Kavanagh v. StenhouseAnnotate this Case
174 A.2d 560 (1961)
Grant V. KAVANAGH v. Robert B. STENHOUSE.
Ex. No. 10218.
Supreme Court of Rhode Island.
October 31, 1961.
Pontareli & Berberian, Aram K. Berberian, Providence, for plaintiff.
Capalbo & Lauria, Emanuel J. Lauria, Westerly, for defendant.
This is an action of trespass for false arrest. The case was tried before a superior court justice sitting with a jury and resulted in a verdict for the defendant. It is before us on the plaintiff's bill of exceptions to the denial of his motion for a directed verdict, to the denial of several requests for instructions to the jury and to certain portions of the charge.
The record establishes that on January 20, 1960 plaintiff and Donald Wheeler, a fellow worker, were involved in a highway accident in the town of Westerly. When James A. Keane of the Westerly police department arrived at the scene, plaintiff was standing outside Wheeler's car at the door on the operator's side and Wheeler was seated behind the wheel. The defendant, a lieutenant in the Westerly police department and apparently the superior officer in charge, arrived shortly thereafter and was advised by Officer Keane that he had Wheeler and plaintiff in custody. It is uncontradicted that Officer Keane advised defendant that both men had been drinking and that, although each had identified Wheeler as the operator, he, Officer Keane, was not sure which of the men was operating the car when it struck and knocked down two telephone poles. Asked why he was not sure, Keane replied, "We've had trouble in the past on cases like this."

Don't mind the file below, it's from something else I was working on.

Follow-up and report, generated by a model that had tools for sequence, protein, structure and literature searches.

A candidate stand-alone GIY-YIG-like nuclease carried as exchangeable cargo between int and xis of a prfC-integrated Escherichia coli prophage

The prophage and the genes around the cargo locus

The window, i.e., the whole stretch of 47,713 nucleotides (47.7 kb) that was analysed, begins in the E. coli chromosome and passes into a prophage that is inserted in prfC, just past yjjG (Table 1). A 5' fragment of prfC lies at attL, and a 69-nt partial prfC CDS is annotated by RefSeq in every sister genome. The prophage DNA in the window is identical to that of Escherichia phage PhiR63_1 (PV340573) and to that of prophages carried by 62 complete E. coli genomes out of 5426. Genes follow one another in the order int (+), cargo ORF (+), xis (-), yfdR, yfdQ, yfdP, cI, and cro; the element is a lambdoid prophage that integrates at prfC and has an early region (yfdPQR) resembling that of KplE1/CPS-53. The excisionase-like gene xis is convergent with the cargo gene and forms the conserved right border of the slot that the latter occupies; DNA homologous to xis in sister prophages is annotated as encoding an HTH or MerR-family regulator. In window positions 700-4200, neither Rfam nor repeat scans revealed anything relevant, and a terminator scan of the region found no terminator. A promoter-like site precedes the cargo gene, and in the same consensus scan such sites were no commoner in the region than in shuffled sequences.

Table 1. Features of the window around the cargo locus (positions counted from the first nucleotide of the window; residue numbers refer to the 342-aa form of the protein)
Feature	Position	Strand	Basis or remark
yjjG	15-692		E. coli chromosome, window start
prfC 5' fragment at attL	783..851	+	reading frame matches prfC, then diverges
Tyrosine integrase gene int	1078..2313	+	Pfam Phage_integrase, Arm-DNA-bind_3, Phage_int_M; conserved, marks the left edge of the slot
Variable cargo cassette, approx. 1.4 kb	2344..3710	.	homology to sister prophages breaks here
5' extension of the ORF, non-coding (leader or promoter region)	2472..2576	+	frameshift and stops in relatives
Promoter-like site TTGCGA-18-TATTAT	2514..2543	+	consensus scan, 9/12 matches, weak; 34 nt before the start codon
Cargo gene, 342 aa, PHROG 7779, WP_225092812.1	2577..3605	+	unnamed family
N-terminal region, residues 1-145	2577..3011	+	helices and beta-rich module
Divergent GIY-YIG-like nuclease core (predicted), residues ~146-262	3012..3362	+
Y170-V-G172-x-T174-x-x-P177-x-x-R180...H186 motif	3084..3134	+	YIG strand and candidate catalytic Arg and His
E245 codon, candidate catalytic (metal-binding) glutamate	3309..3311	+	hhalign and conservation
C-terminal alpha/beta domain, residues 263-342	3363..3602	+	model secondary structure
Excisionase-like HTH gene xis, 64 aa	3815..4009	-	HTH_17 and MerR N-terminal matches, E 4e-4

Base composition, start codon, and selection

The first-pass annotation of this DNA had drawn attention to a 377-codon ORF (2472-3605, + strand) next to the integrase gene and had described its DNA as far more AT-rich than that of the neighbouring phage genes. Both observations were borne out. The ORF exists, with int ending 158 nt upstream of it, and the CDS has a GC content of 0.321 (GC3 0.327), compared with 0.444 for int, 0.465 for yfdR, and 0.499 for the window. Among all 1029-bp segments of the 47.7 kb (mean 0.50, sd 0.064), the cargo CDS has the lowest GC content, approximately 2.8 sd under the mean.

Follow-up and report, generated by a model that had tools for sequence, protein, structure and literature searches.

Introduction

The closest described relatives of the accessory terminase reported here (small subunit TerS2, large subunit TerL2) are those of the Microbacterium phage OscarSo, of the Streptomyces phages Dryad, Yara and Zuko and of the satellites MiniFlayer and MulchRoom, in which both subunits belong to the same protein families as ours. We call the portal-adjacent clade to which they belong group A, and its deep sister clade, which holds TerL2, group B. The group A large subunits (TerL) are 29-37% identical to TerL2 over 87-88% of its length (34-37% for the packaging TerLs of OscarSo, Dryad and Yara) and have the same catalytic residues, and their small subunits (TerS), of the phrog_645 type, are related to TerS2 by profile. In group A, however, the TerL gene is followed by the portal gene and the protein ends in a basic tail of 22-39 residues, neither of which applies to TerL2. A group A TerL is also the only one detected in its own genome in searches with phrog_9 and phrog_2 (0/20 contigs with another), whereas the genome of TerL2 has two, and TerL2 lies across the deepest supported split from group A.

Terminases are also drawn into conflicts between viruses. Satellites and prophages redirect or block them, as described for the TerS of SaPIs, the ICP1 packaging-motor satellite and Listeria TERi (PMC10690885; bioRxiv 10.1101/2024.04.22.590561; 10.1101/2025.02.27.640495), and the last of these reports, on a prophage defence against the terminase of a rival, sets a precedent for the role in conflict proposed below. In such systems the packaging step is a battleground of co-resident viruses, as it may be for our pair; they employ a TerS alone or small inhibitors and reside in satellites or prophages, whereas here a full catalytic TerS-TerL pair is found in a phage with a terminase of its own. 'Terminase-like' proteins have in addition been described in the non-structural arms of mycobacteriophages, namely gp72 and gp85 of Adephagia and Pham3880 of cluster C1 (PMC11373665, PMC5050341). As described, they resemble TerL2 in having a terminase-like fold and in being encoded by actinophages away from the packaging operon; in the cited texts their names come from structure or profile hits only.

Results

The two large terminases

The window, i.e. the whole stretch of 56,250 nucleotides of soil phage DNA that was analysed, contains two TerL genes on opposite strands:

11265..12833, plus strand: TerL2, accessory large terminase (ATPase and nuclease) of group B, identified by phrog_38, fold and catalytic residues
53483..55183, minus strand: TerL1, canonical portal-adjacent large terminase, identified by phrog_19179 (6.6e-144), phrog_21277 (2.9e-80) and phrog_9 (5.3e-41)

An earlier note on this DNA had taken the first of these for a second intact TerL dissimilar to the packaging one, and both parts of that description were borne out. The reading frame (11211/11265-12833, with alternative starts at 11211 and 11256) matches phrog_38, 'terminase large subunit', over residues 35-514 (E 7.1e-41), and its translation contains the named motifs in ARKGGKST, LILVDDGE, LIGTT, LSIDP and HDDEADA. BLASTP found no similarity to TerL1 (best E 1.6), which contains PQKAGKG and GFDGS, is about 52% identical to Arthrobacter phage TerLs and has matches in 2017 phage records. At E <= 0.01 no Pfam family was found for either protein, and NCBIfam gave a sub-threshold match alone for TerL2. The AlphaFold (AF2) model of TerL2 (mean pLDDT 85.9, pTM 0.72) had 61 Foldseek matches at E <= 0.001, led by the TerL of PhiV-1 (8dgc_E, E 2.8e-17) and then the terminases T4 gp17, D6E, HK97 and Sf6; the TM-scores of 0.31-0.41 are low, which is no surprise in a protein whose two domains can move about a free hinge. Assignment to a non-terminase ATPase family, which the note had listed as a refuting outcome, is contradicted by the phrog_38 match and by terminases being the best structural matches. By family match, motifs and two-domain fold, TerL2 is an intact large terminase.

It further appears that when the investigation had been completed defendant directed Officer Keane to take both men to a doctor for examination preparatory to a possible charge of operating under the influence of liquor.
The substance of defendant's testimony, more or less corroborated by Keane and a fellow officer, is that the detention of plaintiff was part and parcel of the investigation of the accident.
It is undisputed that pursuant to defendant's orders Officer Keane drove plaintiff and Wheeler to the police station, where the latter was subsequently charged as the *562 operator and plaintiff was exonerated. Officer Keane testified that he returned to the scene of the accident to continue the investigation but was unable to find any eyewitnesses, which left him with Wheeler's admission that he had been the operator of the car. The defendant corroborated Officer Keane in this regard and added that Keane and Nicholas T. Terranova were in charge of the investigation.
The latter testified that he was on duty at the station when an unidentified person telephoned to report the accident, and he dispatched Officer Keane to the scene. He further testified that when plaintiff was brought to the station he appeared to have been drinking, was uncooperative, and refused to produce identification until asked to do so a third time. The record also discloses that both plaintiff and Wheeler were locked up in separate cells and that plaintiff remonstrated against his detention. The testimony is in conflict as to the nature and extent of his remonstrance, but it is uncontradicted that within two hours plaintiff was charged with reveling. See State v. Kavanaugh, 93 R.I. 239.
The defendant pleaded justification, relying on G.L. 1956, § 12-7-1, which reads as follows:"Temporary detention of suspects. A peace officer may detain any person abroad whom he has reason to suspect is committing, has committed or is about to commit a crime, and may demand of him his name, address, business abroad and whither he is going; and any such person who fails to identify himself and explain his actions to the satisfaction of such peace officer may be further detained and further questioned and investigated by any peace officer; provided, in no case shall the total period of such detention exceed two (2) hours, and such detention shall not be recorded as an arrest in any official record. At the end of any such detention period the person so detained shall be released unless arrested and charged with a crime."
After the parties had rested, plaintiff's motion for a directed verdict was denied and he duly excepted. He filed a series of requests for instructions to the jury and excepted to the denial of six of them as well as to two portions of the charge.